View Full Version : "Inverted Jenny" stamp sells for nearly $3 Million

2005-10-21, 01:05 AM
I don't think this will show up at the EWR show anytime soon....

Unique Misprinted Stamps Sell for $2,970,000 in New York Auction

NEW YORK, Oct. 19 /PRNewswire/ -- Siegel Auction Galleries, one of the nation's oldest and most well-regarded specialty auction galleries in the country, sold a unique plate block of the 24-cent 1918 "Inverted Jenny" stamp for $2,970,000 at an auction held tonight in New York City. The purchase price includes the 10% buyer's commission.

Only one block of four "Inverted Jenny" stamps exists with the four-digit plate number appearing in the attached margin. The plate block is the most highly-prized part of the original sheet of 100 "Inverted Jenny" stamps sold to William T. Robey at a Washington D.C. post office on May 14, 1918.

The 24-cent stamps were first issued on May 13, 1918, for use on the first U.S. airmail flight two days later. Thousands of sheets were printed in red and blue, but only one sheet of 100 with the Curtiss JN4-H bi-plane flying upside down was sold. Eight others were discovered by postal officials and destroyed.

Robey, a stamp collector, paid $24 for the misprinted sheet and sold it a week later for $15,000. News of the error spread like wildfire and embarrassed postal officials, who were already facing skepticism over the experimental airmail program. One dubious congressman suggested that the U.S. Army captain responsible for the whole idea be "thrown into the federal penitentiary, and the key thrown away." The sight of a plane flying upside down on the first airmail stamp was a public relations disaster.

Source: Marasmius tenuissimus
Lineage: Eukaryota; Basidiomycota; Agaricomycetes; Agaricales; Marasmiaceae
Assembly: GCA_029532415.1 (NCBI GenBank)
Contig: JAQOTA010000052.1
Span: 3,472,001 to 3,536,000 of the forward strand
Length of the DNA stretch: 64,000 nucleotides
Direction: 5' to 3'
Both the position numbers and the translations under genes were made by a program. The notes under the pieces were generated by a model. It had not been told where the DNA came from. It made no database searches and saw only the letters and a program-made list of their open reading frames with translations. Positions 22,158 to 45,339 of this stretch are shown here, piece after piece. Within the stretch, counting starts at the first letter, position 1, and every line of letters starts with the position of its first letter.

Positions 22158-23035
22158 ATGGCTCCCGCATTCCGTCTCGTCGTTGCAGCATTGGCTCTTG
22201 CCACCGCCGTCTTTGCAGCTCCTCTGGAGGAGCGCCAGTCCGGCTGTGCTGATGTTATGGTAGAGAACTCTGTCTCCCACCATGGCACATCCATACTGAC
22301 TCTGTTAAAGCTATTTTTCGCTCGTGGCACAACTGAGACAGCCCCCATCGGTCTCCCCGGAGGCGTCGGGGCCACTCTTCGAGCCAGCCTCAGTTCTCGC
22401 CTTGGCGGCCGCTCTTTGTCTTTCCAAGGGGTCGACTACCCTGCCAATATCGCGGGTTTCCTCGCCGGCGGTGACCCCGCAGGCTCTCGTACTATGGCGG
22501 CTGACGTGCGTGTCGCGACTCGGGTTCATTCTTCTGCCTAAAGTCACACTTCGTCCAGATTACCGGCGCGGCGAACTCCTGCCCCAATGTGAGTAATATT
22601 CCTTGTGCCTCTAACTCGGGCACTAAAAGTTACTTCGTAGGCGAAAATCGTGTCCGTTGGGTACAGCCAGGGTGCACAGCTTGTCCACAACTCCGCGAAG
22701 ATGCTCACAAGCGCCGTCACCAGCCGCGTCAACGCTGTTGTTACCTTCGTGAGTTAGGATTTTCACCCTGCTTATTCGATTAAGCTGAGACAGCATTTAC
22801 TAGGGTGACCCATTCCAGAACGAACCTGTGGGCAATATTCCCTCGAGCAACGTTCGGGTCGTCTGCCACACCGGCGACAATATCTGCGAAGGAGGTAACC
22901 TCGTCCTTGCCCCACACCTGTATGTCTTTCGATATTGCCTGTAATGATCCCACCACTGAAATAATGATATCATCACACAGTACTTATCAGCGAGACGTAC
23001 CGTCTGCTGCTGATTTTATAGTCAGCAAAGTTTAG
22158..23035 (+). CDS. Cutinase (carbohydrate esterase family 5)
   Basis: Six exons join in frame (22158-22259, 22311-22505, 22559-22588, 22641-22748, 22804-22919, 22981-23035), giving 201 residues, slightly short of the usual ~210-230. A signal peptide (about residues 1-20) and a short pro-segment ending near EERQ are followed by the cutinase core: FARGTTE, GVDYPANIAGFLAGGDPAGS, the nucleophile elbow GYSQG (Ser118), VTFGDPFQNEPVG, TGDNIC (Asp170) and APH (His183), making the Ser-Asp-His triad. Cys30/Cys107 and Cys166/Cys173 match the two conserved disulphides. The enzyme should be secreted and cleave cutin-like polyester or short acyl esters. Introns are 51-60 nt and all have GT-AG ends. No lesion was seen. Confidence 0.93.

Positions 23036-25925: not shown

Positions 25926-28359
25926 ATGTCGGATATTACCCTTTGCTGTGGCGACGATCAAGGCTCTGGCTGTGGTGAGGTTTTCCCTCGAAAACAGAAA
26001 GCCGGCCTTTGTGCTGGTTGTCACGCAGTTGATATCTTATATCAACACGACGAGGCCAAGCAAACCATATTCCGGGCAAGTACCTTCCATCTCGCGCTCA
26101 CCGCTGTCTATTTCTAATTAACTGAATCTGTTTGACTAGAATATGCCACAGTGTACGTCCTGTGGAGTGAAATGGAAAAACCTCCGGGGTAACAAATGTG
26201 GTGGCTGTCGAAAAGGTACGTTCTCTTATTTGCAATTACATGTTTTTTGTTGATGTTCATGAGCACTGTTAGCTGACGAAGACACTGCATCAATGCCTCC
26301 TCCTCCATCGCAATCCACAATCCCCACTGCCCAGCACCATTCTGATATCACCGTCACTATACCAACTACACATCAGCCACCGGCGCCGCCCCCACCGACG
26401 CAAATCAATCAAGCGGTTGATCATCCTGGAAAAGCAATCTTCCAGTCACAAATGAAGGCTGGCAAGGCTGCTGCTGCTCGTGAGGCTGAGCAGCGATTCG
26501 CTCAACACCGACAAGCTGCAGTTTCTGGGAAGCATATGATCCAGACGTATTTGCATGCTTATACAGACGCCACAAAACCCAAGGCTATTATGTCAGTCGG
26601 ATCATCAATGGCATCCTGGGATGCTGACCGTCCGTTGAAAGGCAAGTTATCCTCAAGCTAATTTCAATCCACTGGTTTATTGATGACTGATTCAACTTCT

Robey's sheet was immediately broken up, and a large number of single stamps were sold to collectors. Over the years, prices for the coveted Inverted "Jenny" have escalated to as much as $577,500 for a single copy.

The price paid for the unique plate block of four is a new auction record for a U.S. stamp. The second highest price is $935,000, which was paid for a 1-cent Z Grill stamp in 1998.

The buyer was Charles Shreve of Shreves Philatelic Galleries, who bid on behalf of a private collector residing in the United States.

"The Inverted Jenny is one of the best-known stamps in the world, and the record sale of the plate block for $2,970,000 is a measure of its unique charm." said Scott R. Trepel, president of Siegel Auction Galleries.

For more information, please visit: http://www.siegelauctions.com

About Siegel Auctions

Robert A. Siegel Auction Galleries has been running continuous stamp auctions since 1930. The firm has sold many great-name collections, including Lilly, Newbury, Matthies, Grunin, Rohloff, Cole, Kapiloff, Honolulu Advertiser, Morris, Rose, Finkelburg and Zoellner.

SOURCE Siegel Auction Galleries

10/19/2005 16:58 ET